Vector T memory layout

Fig. 4.1 Vector<T> memory layout

The SPAN layout can be represented as:

T* begin; // 32-bit pointer
uint32_t size;

Whereas SHORT_SPAN has a layout like this:

T* begin; // Truncated 20-bit pointer
// 1 bit reserved for the future
uint11_t size;

Which means it can only store up to 2,047 elements.

4.2.3. Vector<Input<Vector<T>>> layout

It is possible to nest Vectors, and at each level the memory layout can be different. We use Vector<Input<Vector<T>>> to illustrate how these are implemented, but Input could also be Output or InOut.

For example, if both levels use ONE_PTR you would have the layout shown in Fig. 4.2.

Vector Input Vector T memory layout using ONEPTR

Fig. 4.2 Vector<Input<Vector<T>>> memory layout using ONEPTR

Or if both levels used SPAN the layout would be as shown in Fig. 4.3.

Vector Input Vector T memory layout with SPAN

Fig. 4.3 Vector<Input<Vector<T>>> memory layout with SPAN

Note that this produces a “jagged” 2D vector. In other words, the length of each sub-vector is not guaranteed to be identical (although it might be).

You can use different layouts for each level, for example: Vector<Input<Vector<T, ONE_PTR>>, SPAN>.

4.2.4. VectorList layout

Because nested vectors such as Vector<Input<Vector<T>>> can use a lot of memory, Poplar provides a more memory-efficient 2D vector type called VectorList. The available layouts for a VectorList are shown in Table 4.3 and described in detail in the following sections.

Table 4.3 VectorList layouts

Layout

Platform support

DELTANELEMENTS

Mk2

DELTAN

Mk1

COMPACT_DELTAN

All

These have a base structure which contains the base address of the data, the size of the vector (that is, the number of sub-vectors) and a pointer to an array of structures describing the sub-vectors.

Each of the sub-vector structures contain a pointer to its data (as an offset from the base address) and the number of data elements. Each sub-vector can be a different size. The base address points to the start of the vector data and so one of the offsets is always zero.

The implementation of these memory layouts on the IPU is described below.

DELTANELEMENTS layout

The DELTANELEMENTS layout is always supported. The implementation is shown in Fig. 4.4 (using C-like types to represent the pointer and count sizes).

DELTANELEMENTS memory layout

Fig. 4.4 DELTANELEMENTS memory layout

The top-level structure contains a pointer to the base of the vector data, a count of the number of sub-vectors and a pointer to an array of DeltaNElement structures for the sub-vectors. Both pointers are 21 bits so that the full architectural memory space of the tile can be addressed.

These values are packed into two 32-bit words, as shown in Fig. 4.5. The reserved bits should not be assumed to be zero and should be masked off when extracting the address fields.

DELTANELEMENTS base structure bit packing

Fig. 4.5 DELTANELEMENTS base structure bit packing

Each DeltaNElement structure represents a sub-vector. It has a pointer to the data, which is an element-sized offset from the base address (so, for example, for naturally-aligned float data, this will be an offset in 32-bit words). It also has a count of the number of data elements in this sub-vector.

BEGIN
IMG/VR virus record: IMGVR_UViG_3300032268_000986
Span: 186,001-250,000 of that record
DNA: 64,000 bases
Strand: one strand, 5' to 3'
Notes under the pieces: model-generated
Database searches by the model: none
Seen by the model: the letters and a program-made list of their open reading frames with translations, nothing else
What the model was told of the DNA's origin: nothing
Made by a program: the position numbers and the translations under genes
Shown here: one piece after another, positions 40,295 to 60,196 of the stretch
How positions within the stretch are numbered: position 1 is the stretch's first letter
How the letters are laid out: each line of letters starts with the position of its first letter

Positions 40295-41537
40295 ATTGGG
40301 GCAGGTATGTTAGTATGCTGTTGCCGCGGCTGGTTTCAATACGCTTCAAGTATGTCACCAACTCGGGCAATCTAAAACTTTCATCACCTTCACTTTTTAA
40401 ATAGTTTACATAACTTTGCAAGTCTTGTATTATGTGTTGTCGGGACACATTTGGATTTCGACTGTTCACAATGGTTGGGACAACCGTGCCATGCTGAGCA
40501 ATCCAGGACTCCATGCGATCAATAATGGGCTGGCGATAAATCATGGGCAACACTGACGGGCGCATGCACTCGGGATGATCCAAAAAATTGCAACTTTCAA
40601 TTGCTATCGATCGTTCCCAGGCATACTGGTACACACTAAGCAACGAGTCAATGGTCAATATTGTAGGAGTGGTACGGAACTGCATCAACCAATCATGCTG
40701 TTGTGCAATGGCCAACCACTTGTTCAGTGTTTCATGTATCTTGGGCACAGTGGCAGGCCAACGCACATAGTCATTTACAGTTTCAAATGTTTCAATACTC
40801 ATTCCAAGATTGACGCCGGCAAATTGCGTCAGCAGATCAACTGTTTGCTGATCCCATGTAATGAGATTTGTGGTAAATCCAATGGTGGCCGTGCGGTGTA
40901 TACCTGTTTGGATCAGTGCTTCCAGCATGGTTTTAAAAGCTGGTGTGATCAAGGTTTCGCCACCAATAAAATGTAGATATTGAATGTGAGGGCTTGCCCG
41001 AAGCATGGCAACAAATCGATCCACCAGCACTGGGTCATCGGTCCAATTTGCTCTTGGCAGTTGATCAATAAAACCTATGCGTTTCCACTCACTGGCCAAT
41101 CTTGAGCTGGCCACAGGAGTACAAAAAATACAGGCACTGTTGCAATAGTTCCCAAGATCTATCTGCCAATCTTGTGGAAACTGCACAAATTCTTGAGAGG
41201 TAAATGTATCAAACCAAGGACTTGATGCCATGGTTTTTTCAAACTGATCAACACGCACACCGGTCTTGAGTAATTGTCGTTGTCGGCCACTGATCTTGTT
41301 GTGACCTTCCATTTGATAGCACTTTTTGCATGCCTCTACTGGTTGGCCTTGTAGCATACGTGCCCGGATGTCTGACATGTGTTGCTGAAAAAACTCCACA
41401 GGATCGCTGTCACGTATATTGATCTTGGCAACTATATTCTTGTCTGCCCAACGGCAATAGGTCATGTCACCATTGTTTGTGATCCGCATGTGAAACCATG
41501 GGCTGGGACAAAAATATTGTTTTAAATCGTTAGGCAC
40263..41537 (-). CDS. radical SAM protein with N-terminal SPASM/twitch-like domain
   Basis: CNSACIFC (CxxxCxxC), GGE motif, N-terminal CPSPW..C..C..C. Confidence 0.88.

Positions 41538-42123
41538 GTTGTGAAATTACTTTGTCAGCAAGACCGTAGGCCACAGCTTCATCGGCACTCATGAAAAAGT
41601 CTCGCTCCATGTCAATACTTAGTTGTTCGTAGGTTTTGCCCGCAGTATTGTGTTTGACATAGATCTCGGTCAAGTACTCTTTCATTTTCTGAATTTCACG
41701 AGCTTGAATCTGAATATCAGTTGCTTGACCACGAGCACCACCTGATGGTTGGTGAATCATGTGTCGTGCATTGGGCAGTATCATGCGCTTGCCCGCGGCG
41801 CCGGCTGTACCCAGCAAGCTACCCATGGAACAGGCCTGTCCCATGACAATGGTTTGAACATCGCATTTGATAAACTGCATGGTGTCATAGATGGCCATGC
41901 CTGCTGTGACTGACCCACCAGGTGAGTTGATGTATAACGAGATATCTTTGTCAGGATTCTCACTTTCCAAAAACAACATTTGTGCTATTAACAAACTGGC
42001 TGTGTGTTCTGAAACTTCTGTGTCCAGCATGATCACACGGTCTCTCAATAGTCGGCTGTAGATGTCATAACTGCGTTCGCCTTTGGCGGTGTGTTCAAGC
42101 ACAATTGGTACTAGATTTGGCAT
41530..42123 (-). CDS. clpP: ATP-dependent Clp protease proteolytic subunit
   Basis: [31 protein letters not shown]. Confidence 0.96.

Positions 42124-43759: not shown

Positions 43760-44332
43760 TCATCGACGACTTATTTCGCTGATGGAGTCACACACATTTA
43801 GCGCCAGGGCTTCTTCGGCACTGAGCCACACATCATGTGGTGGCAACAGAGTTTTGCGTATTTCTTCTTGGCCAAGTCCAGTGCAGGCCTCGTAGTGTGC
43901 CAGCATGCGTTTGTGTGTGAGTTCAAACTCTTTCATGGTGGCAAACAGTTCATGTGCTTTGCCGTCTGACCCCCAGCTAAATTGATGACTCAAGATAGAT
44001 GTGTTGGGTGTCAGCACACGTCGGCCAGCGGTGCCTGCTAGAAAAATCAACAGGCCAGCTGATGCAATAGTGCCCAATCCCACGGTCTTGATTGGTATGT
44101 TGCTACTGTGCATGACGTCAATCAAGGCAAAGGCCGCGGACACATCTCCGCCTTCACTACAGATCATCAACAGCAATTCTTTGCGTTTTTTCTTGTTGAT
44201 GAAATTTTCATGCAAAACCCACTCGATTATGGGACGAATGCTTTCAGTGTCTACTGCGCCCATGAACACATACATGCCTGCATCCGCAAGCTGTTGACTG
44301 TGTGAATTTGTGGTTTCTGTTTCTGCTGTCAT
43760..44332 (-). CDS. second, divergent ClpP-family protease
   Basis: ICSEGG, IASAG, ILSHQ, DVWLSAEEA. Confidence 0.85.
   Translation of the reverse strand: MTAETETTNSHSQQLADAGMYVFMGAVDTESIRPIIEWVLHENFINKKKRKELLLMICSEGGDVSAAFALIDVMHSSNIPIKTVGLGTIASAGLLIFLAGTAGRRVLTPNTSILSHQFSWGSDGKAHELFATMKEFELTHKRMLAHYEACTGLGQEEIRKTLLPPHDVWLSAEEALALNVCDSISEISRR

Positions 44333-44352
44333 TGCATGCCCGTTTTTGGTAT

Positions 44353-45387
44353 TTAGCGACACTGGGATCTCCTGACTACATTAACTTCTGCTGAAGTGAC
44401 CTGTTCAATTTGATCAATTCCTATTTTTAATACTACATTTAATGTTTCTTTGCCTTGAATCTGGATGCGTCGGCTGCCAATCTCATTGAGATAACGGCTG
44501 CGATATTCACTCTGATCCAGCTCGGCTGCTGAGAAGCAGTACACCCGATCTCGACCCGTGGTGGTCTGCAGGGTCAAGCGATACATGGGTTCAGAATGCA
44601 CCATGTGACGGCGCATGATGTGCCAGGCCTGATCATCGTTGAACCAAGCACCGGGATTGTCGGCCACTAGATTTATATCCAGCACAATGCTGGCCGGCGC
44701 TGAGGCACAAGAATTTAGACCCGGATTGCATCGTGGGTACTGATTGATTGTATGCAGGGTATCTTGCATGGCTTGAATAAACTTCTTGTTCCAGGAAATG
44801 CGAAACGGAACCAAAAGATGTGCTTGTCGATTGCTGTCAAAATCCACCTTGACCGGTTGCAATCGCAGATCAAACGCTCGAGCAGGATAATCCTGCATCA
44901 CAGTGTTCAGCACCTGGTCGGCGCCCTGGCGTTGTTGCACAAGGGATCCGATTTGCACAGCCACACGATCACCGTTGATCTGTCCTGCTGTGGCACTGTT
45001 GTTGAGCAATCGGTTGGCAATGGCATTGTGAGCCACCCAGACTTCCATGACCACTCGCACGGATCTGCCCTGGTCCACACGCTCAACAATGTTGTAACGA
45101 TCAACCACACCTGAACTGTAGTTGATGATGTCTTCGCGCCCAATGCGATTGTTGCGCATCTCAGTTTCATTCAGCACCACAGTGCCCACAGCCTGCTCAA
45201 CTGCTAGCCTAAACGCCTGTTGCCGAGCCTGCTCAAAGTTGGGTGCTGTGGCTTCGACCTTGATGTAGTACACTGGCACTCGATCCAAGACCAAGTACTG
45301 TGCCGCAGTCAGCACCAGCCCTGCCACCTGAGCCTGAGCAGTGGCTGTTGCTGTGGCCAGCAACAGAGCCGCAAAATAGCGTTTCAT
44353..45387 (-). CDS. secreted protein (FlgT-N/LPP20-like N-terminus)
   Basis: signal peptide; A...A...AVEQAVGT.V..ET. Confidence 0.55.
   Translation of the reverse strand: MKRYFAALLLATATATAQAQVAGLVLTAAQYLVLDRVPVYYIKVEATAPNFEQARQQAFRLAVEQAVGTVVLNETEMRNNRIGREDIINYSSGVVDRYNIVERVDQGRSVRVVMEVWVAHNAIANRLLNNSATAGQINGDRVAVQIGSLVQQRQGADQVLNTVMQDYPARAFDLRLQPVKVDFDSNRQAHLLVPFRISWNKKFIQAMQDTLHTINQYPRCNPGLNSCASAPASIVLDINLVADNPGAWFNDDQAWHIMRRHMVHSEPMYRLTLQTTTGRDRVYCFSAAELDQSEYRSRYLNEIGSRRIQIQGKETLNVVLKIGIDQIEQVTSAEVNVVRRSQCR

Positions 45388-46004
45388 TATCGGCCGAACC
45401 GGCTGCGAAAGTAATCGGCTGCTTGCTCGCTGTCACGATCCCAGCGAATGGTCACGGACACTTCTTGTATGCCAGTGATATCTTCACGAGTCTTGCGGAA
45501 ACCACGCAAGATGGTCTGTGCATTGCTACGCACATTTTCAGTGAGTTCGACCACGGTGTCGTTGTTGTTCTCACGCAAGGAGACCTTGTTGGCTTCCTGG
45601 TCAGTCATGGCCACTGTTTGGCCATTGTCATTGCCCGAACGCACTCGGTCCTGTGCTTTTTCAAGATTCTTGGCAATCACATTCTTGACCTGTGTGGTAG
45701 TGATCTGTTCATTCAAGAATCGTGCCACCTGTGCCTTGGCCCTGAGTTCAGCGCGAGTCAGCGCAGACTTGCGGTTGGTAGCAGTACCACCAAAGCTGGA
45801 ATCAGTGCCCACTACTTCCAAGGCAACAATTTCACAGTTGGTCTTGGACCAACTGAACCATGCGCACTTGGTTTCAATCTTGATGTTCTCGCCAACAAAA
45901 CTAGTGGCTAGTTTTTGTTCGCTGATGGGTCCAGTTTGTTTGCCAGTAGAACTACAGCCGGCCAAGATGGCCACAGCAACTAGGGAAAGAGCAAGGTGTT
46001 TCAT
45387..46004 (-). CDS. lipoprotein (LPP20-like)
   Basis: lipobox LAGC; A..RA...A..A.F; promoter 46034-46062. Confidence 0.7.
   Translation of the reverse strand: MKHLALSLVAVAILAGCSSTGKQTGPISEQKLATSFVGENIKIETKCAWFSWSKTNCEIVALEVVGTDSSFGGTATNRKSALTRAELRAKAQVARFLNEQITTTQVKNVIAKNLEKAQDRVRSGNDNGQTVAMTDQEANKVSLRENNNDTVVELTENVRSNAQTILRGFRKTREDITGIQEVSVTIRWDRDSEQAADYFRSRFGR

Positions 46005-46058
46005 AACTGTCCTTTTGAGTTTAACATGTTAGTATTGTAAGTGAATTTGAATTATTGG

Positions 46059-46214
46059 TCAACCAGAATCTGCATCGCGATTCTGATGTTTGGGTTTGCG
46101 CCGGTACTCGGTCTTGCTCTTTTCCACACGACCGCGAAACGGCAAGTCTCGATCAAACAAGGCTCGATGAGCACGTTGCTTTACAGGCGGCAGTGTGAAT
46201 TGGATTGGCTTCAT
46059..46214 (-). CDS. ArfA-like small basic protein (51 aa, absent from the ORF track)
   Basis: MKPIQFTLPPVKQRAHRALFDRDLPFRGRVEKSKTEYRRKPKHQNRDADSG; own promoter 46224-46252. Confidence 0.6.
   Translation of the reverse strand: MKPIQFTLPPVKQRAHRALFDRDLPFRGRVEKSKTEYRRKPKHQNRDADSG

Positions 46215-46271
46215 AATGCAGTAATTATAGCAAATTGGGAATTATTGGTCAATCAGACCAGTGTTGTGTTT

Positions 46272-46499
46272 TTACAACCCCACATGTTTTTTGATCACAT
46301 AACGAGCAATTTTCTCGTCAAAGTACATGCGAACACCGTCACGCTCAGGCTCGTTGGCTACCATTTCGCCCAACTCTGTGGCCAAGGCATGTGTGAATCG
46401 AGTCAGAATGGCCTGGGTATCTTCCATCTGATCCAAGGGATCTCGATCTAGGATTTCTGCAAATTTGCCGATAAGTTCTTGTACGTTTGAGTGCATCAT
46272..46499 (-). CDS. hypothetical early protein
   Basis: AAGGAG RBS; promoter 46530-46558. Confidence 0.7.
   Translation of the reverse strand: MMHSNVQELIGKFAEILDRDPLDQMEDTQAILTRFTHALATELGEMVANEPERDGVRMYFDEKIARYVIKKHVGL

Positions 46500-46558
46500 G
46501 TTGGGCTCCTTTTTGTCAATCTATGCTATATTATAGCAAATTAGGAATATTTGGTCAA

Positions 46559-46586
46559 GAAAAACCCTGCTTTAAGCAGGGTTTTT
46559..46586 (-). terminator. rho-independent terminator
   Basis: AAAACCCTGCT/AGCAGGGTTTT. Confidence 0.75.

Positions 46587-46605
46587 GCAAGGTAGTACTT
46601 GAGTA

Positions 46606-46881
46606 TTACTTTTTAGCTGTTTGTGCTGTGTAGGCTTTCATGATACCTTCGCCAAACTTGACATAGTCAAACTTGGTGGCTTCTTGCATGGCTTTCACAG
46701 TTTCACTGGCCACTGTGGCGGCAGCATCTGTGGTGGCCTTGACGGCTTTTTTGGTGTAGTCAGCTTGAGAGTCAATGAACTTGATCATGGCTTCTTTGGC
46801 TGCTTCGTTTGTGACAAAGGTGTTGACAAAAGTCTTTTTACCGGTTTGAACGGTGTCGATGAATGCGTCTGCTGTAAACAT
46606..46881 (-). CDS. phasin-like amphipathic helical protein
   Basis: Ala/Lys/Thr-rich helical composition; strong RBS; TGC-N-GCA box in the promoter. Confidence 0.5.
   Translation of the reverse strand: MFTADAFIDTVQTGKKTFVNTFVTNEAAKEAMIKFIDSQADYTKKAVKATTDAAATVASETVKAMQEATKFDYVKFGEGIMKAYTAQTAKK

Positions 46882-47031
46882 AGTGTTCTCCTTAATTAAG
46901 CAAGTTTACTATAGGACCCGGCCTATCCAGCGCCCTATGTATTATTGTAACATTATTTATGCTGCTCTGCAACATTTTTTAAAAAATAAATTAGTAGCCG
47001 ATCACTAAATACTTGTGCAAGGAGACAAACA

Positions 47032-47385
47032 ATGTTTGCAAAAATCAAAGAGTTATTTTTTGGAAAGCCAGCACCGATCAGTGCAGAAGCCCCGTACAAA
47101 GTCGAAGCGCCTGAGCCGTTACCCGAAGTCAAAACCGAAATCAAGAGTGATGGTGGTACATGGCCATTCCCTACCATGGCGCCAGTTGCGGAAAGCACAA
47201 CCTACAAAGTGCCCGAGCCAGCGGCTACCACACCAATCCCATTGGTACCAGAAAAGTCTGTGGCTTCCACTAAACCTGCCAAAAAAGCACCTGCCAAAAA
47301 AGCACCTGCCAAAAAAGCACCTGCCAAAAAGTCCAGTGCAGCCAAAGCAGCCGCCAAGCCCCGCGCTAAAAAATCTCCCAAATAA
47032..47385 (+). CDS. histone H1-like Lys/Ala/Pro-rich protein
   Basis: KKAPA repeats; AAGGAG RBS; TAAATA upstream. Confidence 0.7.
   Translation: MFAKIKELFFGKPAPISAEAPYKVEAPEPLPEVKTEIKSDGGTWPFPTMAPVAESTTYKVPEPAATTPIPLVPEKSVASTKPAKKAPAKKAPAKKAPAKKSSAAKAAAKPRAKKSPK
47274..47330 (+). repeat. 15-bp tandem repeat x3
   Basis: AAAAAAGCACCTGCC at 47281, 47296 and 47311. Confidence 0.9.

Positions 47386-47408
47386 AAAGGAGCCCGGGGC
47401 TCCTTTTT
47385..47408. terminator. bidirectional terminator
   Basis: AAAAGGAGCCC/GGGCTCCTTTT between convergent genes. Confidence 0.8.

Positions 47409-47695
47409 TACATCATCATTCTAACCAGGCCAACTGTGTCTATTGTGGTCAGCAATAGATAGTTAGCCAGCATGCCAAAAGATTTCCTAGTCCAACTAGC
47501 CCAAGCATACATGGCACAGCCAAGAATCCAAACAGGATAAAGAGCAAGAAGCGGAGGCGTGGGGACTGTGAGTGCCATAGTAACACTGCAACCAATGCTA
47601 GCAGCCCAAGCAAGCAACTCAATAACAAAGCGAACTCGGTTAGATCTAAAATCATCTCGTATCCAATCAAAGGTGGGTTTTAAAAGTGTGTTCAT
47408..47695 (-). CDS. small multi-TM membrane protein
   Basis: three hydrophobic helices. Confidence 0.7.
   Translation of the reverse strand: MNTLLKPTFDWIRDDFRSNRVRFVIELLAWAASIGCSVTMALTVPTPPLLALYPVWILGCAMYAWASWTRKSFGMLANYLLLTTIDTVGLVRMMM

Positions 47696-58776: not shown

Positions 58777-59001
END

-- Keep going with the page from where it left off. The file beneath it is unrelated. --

The offset and count are packed into a 32-bit word. The number of bits for each depends on the data alignment. For byte-aligned data, the offset is 21 bits and the count is 11 bits. For larger alignments, fewer bits are required for the offset and more bits are available for the count. For example, for 32-bit aligned data, only 19 bits are required for the offset, so 13 bits are available for the sub-vector size.

The number of bits available for the offset and the count for various data types are summarised in Table 4.4 and illustrated in Fig. 4.6.

Table 4.4 Offset and count sizes for DELTANELEMENTS

Type

Offset size

Count size

offset unpacking

uint8_t

uint21_t

unit11_t

<< 0

uint16_t

uint20_t

unit12_t

<< 1

uint32_t

uint19_t

unit13_t

<< 2

uint64_t

uint18_t

unit14_t

<< 3

uint128_t

uint17_t

unit15_t

<< 4

DELTANELEMENTS sub-vector structure bit packing

Fig. 4.6 DELTANELEMENTS sub-vector structure bit packing

Note that the alignment must be a multiple of the data size and must be a power of 2.

  • The number of address bits required can defined as 21 - log2(alignment).

  • The number of bits available to represent the sub-vector size is: 11 + log2(alignment).

The maximum size of the sub-vectors therefore depends on the data type. For byte-aligned data, for example, the maximum size is 211-1, while for 16-bit alignment (for example, half data) it is 212-1.

DELTAN layout

The DELTAN layout is used for smaller memory systems where SCALED_PTR32 pointer compression is supported. This is only available on Mk1 platforms. The macro VECTORLIST_AVAIL_DELTAN (defined in AvailableVTypes.h) can be used to check if it is supported.

The top-level structure contains a pointer to the base of the vector data. This is truncated to 20 bits. The remaining 12 bits of the word are used to store the number of sub-vectors. This means the outer dimension of the VectorList has a maximum size of 4,095. Finally, there is a SCALED_PTR32 pointer to an array of DeltaN structures.

This is shown in Fig. 4.7.

DELTAN memory layout

Fig. 4.7 DELTAN memory layout

The base pointer and count are packed into a 32-bit word, as shown in Fig. 4.8.

DELTAN base structure bit packing

Fig. 4.8 DELTAN base structure bit packing

Each DeltaN represents a sub-vector. Its data pointer is stored as an 18-bit offset, in bytes, from the base address. The size is stored in the remaining 14 bits, as illustrated in Fig. 4.9.

DELTAN sub-vector structure bit packing

Fig. 4.9 DELTAN sub-vector structure bit packing

This means that the sub-vectors each have a maximum of size of 16,383 (214-1) elements.

COMPACT_DELTAN layout

This layout will resolve into the most suitable inner pointer type, depending on the available address space.

For example on Mk1 it is equivalent to DELTAN, as that can point to everything in the available memory. On Mk2, it is equivalent to DELTANELEMENTS.